Warner brothers, record label for amongst others Madonna and James Blunt, have demanded their content be removed from YouTube unless they get a significantly improved royalties and advertising deal.
The development could have big ramifications for YouTube if other labels follow suit. Warner claim that less than 1% of their revenue is brought in by it's YouTube content. Considering YouTube's massive amount of music related content this figure makes the Google owned video site little more than an inconvenience.
According to an article in The Times a Warner brothers spokesman said “We simply cannot accept terms that fail to appropriately and fairly compensate recording artists, songwriters, labels and publishers for the value they provide,”
The article states "Negotiations between the two were characterised as tortuous, in part because YouTube cited the costs of hosting and streaming video as reasons why it could not pay more, hinting, again, at a lack of income.
Adding to the significance of the row is the fact that Warner Music was the first music major to sign a deal with YouTube, ahead of its acquisition by Google and at a time when the video-sharing website was at risk of being sued for copyright violation."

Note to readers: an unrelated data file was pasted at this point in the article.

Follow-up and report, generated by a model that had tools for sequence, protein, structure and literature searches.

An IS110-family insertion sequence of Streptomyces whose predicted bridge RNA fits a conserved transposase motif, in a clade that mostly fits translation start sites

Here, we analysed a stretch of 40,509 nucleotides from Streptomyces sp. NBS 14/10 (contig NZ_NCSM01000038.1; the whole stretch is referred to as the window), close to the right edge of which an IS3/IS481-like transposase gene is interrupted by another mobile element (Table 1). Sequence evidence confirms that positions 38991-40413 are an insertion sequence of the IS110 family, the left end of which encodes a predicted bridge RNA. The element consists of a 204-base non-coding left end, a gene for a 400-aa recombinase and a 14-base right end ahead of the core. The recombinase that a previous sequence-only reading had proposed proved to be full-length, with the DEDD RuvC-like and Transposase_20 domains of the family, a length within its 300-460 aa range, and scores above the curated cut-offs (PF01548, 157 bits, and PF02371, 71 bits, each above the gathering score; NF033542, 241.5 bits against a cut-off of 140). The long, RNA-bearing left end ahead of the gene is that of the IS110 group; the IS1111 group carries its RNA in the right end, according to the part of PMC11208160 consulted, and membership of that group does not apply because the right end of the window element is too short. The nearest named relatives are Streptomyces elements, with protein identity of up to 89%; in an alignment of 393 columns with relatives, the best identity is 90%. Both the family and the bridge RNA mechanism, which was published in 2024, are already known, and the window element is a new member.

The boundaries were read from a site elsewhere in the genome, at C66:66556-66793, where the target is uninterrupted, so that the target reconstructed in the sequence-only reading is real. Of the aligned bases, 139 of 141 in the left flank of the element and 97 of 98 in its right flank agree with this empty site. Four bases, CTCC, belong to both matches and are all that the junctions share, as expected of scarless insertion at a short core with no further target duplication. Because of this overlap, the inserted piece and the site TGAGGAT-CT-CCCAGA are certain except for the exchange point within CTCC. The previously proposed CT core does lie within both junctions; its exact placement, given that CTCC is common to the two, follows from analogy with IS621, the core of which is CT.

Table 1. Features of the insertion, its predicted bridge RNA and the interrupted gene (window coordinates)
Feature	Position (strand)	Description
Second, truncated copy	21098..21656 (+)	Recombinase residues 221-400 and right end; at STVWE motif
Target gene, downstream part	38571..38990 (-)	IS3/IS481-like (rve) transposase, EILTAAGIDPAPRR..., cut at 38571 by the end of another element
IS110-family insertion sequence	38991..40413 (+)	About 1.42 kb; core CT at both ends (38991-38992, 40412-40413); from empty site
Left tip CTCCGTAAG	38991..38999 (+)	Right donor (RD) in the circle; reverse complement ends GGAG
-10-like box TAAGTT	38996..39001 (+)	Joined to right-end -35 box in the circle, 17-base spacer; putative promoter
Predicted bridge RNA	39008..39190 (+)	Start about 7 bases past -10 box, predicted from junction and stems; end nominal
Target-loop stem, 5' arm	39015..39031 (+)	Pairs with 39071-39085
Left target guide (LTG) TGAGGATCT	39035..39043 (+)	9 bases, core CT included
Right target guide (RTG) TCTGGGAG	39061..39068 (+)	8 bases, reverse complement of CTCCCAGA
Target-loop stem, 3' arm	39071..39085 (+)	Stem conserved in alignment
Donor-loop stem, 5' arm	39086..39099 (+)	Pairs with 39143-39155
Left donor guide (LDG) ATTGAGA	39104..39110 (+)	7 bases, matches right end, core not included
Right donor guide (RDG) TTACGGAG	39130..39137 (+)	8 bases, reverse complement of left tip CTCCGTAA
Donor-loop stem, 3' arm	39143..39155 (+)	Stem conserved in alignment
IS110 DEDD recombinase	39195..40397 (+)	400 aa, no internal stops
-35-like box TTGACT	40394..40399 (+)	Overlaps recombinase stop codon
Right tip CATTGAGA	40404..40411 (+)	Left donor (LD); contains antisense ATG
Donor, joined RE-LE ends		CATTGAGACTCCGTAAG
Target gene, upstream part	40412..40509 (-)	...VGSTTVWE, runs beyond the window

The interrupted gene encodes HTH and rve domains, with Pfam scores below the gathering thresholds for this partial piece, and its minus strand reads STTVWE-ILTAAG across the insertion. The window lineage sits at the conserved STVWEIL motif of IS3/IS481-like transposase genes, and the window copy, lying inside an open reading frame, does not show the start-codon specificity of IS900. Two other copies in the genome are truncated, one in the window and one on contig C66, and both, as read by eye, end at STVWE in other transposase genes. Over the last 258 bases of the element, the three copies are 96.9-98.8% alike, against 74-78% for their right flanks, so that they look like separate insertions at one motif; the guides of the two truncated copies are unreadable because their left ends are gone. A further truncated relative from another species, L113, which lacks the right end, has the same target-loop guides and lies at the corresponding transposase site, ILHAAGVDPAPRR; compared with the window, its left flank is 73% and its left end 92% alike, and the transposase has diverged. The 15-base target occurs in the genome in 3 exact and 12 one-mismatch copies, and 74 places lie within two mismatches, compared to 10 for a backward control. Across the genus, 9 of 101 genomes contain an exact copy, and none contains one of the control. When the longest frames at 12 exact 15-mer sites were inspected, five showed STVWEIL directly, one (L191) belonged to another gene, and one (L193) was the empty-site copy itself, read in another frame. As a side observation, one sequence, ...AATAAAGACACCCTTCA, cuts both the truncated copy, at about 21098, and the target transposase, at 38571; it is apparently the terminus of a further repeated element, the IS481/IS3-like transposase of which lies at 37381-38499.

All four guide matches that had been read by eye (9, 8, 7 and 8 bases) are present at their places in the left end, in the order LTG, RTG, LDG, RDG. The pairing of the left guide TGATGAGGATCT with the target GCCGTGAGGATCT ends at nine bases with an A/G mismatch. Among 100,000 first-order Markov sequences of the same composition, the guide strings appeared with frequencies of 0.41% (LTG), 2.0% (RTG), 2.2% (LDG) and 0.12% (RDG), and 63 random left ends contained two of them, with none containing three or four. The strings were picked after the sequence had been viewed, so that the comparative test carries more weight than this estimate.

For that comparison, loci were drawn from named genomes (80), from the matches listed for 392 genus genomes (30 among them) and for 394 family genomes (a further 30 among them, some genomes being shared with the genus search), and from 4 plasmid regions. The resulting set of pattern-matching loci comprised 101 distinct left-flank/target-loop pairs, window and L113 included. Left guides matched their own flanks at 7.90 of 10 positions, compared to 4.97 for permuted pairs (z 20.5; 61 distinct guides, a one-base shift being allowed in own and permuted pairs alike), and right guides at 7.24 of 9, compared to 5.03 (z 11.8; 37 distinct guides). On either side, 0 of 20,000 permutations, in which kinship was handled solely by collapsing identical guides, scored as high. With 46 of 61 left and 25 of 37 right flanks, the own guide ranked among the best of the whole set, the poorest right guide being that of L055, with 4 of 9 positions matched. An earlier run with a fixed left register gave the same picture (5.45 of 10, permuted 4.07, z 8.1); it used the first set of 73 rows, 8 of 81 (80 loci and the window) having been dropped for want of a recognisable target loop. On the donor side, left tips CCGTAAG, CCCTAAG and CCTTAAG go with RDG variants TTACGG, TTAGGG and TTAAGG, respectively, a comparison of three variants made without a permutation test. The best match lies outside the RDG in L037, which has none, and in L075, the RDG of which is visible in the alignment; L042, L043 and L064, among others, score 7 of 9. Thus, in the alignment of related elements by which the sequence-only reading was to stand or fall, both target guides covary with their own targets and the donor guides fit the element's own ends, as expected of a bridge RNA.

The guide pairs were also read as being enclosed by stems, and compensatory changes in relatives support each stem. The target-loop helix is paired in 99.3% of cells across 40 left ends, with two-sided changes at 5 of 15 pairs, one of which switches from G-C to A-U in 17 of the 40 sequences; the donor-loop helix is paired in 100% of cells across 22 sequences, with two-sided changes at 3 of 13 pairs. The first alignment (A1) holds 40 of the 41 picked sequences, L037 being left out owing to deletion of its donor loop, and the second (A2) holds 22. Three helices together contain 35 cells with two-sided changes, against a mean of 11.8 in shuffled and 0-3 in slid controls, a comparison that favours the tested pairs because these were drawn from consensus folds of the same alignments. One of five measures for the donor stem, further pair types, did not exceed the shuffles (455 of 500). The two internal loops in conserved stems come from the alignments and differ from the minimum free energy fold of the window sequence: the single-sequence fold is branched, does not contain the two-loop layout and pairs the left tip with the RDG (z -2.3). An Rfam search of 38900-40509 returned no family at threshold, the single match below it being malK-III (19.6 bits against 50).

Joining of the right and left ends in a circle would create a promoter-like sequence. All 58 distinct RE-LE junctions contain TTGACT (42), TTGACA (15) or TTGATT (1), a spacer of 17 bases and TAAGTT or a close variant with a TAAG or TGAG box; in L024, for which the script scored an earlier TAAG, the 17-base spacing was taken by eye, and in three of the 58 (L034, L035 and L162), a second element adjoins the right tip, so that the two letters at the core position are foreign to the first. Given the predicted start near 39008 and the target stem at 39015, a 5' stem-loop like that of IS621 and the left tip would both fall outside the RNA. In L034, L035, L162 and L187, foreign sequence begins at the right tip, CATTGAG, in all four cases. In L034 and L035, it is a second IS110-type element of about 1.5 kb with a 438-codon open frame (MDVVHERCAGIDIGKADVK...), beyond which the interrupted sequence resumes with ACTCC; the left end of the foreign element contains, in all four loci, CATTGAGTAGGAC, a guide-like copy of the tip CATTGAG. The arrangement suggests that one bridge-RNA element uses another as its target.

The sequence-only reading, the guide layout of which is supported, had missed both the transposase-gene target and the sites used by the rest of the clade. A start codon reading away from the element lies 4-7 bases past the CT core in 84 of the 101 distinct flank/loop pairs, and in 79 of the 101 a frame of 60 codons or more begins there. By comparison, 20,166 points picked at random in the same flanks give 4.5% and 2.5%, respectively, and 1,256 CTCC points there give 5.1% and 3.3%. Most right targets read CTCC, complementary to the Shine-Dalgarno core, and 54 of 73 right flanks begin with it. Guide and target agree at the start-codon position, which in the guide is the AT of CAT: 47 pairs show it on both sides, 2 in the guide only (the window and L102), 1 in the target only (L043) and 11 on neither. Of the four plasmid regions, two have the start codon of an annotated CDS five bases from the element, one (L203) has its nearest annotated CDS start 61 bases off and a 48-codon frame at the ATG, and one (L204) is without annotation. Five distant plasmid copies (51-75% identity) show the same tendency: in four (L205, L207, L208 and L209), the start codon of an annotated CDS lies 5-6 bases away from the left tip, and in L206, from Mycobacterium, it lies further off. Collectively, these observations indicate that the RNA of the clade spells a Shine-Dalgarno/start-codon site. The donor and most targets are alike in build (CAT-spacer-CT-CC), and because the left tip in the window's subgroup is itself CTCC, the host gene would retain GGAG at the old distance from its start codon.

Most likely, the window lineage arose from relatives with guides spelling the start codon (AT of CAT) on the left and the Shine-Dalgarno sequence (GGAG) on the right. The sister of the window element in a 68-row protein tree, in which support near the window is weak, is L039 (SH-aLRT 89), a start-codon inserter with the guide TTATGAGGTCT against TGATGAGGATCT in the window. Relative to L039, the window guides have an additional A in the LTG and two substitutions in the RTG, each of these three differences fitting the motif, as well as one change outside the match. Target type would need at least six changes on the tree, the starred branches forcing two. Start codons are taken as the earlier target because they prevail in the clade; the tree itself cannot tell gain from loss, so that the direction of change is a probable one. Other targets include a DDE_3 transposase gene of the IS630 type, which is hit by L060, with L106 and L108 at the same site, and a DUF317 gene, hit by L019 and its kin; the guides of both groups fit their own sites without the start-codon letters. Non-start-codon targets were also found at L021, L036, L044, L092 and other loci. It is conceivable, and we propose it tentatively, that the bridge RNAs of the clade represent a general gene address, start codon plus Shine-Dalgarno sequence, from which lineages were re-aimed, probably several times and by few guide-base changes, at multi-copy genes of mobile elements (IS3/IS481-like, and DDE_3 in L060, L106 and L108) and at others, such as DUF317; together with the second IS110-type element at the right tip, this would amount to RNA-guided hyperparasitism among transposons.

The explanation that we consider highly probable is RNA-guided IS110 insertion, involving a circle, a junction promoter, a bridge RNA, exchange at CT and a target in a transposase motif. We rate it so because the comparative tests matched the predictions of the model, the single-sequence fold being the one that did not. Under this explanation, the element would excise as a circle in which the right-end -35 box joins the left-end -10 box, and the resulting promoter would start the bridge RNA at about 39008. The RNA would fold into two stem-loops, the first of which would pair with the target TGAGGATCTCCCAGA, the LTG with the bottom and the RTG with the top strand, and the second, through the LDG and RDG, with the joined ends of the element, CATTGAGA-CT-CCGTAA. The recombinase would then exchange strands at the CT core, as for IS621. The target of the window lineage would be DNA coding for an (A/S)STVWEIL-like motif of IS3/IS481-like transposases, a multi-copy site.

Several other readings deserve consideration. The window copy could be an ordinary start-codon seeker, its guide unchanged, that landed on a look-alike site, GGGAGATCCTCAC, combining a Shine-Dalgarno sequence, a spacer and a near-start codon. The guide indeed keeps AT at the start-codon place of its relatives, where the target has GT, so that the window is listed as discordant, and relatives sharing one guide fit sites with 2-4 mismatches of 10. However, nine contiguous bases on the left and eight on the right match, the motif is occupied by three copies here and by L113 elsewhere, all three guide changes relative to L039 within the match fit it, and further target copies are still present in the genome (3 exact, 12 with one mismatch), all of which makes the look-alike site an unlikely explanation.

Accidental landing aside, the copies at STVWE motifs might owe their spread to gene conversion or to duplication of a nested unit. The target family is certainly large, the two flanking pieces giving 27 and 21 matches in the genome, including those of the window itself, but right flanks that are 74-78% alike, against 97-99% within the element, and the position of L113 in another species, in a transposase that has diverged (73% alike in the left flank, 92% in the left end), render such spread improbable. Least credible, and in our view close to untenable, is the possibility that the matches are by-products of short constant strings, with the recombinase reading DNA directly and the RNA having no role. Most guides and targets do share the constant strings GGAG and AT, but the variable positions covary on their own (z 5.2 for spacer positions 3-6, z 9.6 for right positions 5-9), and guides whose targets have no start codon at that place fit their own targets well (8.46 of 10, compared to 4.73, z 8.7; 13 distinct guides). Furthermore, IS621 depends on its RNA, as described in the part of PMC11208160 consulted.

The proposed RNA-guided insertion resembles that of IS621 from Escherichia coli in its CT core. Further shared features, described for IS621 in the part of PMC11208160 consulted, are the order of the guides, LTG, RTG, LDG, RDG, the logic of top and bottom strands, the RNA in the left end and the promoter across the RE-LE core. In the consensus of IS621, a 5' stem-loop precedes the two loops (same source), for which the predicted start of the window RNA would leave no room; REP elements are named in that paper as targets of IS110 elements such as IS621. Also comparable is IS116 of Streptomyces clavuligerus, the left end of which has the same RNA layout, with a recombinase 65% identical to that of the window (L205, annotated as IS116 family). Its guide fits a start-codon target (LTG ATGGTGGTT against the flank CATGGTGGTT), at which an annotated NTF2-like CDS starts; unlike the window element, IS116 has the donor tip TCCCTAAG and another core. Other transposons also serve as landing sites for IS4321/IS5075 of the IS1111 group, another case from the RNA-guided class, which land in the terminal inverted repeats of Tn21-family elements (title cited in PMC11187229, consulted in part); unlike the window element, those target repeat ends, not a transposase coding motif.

Essentially Warner Brothers have put the ball back into Google's court because ultimately they can demand YouTube stop any of their copyrighted content being posted on the site. Industry analysts have noted the timing of this announcement because the figures quoted by Warner Brothers do not include the revenure generated after new advertising system was introduced by YouTube. It is thought that Warner Brothers income from YouTube lags behind their competitors because they were one of the first to get a royalty deal from the site.
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